a financial institution formally chartered and supervised by a government body. Informal
financial relationships have several bases. The most common are kinship and friendship.
These provide a framework for trust, which underlies all financial relationships, as
suggested by the Latin root credere, to entrust or believe, from which English derives
"credit" and similar words such as "creed."

1. Why Informal Finance Is Inclusive

   Informal credit occurs within a framework of trust created by other, existing
relationships and is therefore frequently complex (Hospes). For example, kinship and
friendship credit may be somewhat open-ended in the sense that prompt repayment may
be subordinated to larger obligations of reciprocity with the expectation that the borrower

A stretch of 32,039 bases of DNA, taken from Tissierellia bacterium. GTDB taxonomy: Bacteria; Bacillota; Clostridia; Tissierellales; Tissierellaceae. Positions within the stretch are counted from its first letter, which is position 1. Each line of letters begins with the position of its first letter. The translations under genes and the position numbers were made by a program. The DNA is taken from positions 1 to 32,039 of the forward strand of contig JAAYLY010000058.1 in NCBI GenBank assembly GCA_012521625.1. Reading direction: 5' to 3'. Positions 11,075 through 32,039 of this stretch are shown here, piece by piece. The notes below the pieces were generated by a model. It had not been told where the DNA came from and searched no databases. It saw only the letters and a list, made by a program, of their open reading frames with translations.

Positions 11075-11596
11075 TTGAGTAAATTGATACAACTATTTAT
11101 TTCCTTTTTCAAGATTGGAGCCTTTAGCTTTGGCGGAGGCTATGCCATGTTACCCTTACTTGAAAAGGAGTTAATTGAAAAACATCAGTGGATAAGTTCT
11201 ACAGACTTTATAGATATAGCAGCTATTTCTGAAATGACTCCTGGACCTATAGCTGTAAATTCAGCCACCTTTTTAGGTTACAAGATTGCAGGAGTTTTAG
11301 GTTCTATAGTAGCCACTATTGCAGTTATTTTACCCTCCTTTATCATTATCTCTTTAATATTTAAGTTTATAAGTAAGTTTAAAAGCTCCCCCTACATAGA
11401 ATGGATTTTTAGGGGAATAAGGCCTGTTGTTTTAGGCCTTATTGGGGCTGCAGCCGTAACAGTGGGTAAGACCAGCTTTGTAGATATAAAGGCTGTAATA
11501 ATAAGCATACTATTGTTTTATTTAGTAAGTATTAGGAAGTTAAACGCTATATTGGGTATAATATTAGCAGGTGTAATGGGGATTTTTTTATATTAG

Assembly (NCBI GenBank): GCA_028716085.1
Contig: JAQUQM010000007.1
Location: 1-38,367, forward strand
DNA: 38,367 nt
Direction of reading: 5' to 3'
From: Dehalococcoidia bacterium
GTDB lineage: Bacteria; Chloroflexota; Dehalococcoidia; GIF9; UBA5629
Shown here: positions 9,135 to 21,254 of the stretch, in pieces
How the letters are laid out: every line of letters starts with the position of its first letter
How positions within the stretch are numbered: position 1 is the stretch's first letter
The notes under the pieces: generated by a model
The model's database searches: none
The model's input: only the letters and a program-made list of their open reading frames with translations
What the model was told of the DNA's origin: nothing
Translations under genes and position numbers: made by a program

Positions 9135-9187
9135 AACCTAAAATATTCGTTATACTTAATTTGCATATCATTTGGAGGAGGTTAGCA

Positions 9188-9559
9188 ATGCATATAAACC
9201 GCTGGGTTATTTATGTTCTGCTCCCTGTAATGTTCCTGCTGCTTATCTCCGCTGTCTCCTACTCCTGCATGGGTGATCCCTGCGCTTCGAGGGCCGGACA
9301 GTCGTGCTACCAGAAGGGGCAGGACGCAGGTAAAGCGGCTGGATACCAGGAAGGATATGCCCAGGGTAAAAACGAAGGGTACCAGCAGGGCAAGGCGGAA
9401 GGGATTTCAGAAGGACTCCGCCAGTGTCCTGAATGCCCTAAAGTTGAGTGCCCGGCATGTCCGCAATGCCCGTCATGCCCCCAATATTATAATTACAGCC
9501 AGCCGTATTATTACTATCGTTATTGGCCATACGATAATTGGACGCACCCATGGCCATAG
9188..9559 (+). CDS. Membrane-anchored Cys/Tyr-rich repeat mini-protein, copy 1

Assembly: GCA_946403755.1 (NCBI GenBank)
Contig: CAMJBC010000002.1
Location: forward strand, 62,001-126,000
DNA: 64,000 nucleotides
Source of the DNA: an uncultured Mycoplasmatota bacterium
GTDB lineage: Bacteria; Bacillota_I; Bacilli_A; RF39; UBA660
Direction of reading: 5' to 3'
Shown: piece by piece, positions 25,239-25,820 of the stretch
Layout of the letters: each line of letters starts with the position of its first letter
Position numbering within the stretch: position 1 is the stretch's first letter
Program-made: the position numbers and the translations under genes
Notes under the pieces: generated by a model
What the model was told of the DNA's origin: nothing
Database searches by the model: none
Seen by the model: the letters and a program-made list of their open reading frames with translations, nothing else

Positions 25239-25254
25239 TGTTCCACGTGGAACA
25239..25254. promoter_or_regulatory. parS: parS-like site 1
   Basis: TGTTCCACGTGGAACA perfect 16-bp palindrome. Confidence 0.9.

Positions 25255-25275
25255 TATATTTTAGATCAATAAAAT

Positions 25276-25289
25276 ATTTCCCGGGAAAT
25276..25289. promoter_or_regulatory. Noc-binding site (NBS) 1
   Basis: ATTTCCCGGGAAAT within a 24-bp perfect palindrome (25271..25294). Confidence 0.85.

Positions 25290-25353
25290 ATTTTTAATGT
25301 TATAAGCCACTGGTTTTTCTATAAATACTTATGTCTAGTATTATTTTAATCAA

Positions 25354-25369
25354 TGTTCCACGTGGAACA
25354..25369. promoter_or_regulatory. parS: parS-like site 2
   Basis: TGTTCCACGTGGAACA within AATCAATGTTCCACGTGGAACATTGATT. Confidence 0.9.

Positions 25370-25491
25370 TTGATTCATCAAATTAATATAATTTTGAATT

will be prepared to help the lender upon request. This larger context means that every
such credit relationship is also an insurance device. Udry (1990) discovered in rural
Northern Nigeria that borrowers who suffered a shock took longer to repay their informal
creditors than borrowers who suffered no adversity, while lenders who suffered a shock
tended to be repaid more quickly than those who did not.

  Further bases for informal credit include buyer-seller relationships. Sellers frequently
offer delayed payment terms to their clients, which characterizes trade credit around the
world. Buyers may provide credit to sellers of services: in tailoring the customer often
provides the cloth and in job shop printing in many countries buyers customarily provide
paper. These informal commercial transactions usually occur within larger relationships